It’s Never Okay to Use the N-Word

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Dear Al:

My son “Justin” plays on a basketball team that is mostly made up of African-American boys whom he likes and socializes with. That doesn’t bother me; in fact, I’m very happy that he has friends who are different from us (we are white).

What I find troubling, however, is how he has started calling his teammates the N-word when they are together. He’ll say something like, “You my N-word.” When I hear that I am sure that I audibly gasp because I hate that word and just can’t imagine anybody (at least any white person) saying that without being hurtful and racist.

If I say something to Justin about how that word has a long history of being insulting and bigoted, he’ll just laughingly dismiss my concerns, saying, “You just don’t get it.” I think I do get it and that some day he’s really “gonna get it.” What do you think?

Hates the N-word

Dear Hates:

What I think is that you are right: “some day he’s really gonna get it.”

Maybe now his black friends think that he’s just like they are because they are all teammates who like each other. But he isn’t just like they are because Justin’s not black. What happens if he says something unrelated to race that ticks off one of his friends while using the N-word. For example, “Come on, N-word, can’t you make an easy lay-up?”

For some reason on that particular occasion his friend doesn’t like Justin’s tone of voice and responds, “Who you calling N-word?”  I don’t know what the chances are, but I don’t think they are in any parallel universe of impossibility. Justin should play the odds and avoid using the word even if his black friends don’t (or don’t seem to) mind because he stands to gain so little and lose so much. Does your son really think that his black friends will like him better because he uses the N-word?

Think of it this way: My Italian relatives-by-marriage can poke fun at what they consider stereotypically comical behavior by that ethnic group and use derisive names for other Italians, but I can’t. Even though they are “family,” I still wouldn’t do it. On the other hand when I think about how my peeps entertain by putting out a box of stale Triscuits; Giant-brand, brick-hard, not-quite-moldy cheddar cheese; all to be washed down with a very top-drawer bottle of Gordon’s, only other WASPs can laugh at them—well, I take that back—anyone can. But you get my point.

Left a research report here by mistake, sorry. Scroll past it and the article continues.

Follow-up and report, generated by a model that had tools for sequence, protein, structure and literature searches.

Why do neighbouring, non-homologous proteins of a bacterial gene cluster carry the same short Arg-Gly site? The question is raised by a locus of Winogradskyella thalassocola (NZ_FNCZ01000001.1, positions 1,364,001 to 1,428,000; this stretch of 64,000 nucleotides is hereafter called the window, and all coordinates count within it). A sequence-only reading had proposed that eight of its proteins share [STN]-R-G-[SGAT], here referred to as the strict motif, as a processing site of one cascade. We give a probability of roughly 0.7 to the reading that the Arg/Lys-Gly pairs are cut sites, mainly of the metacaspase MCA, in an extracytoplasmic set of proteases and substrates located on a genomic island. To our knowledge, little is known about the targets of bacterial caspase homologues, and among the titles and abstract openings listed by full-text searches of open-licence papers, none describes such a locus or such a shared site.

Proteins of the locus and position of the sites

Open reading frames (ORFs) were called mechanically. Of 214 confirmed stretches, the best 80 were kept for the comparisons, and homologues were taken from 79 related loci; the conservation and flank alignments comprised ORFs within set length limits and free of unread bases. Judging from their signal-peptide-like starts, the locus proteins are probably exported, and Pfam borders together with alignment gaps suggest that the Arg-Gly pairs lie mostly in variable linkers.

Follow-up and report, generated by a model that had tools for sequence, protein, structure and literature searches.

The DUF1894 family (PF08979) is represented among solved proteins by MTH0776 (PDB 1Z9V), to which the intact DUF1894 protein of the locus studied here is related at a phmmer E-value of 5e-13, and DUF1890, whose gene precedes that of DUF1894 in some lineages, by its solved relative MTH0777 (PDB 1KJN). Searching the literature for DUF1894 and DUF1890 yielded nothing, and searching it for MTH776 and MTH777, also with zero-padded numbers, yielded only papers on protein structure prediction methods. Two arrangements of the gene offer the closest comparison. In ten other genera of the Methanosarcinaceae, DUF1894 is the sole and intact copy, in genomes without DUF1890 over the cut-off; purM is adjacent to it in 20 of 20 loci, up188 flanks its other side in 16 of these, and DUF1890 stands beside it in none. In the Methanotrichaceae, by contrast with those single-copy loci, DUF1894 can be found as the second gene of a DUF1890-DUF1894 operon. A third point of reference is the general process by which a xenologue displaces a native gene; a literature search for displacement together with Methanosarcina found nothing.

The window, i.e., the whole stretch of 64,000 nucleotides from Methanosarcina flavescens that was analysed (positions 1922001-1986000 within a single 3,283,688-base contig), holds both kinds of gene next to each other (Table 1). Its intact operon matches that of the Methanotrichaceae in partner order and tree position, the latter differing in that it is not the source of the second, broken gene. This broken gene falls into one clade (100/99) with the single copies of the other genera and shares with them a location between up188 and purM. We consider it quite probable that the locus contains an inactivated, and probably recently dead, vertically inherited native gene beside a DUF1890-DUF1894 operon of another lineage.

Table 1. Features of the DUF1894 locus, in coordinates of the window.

Now here is the point for Justin: He should continue to build bonds with his black friends, but always keep in the front of his mind that he isn’t black, and he can’t get away with acting like he is. That’s just a fact—in black and white.

Got questions about life? Love? Parenting? Work? Write to Whit’s End, an advice column by local husband, father, teacher, coach, former executive and former Marine Corps officer Al Whitaker.  Send your questions to [email protected]

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  1. I am shocked by this. I think that he has been accepted into the group and therefore it is okay for him to call his friends this word. At this point, he’s one of them. It obviously is not okay for him to use the word outside of the group — only when uses the word outside of the group is he going to “really get it”.

  2. This is an example of one of the many problems in American society — the blurring of the color line. Zinn has an excellent thesis based on this.

    Personally I think we need a more black-and-white rule — is the word allowed, or not? Not some rule that says “black people can say it but whites can’t”. It only furthers racism.

    • Thank you for a unique insight, Dr. Davis. Some people might say that a blurring is just what we need.

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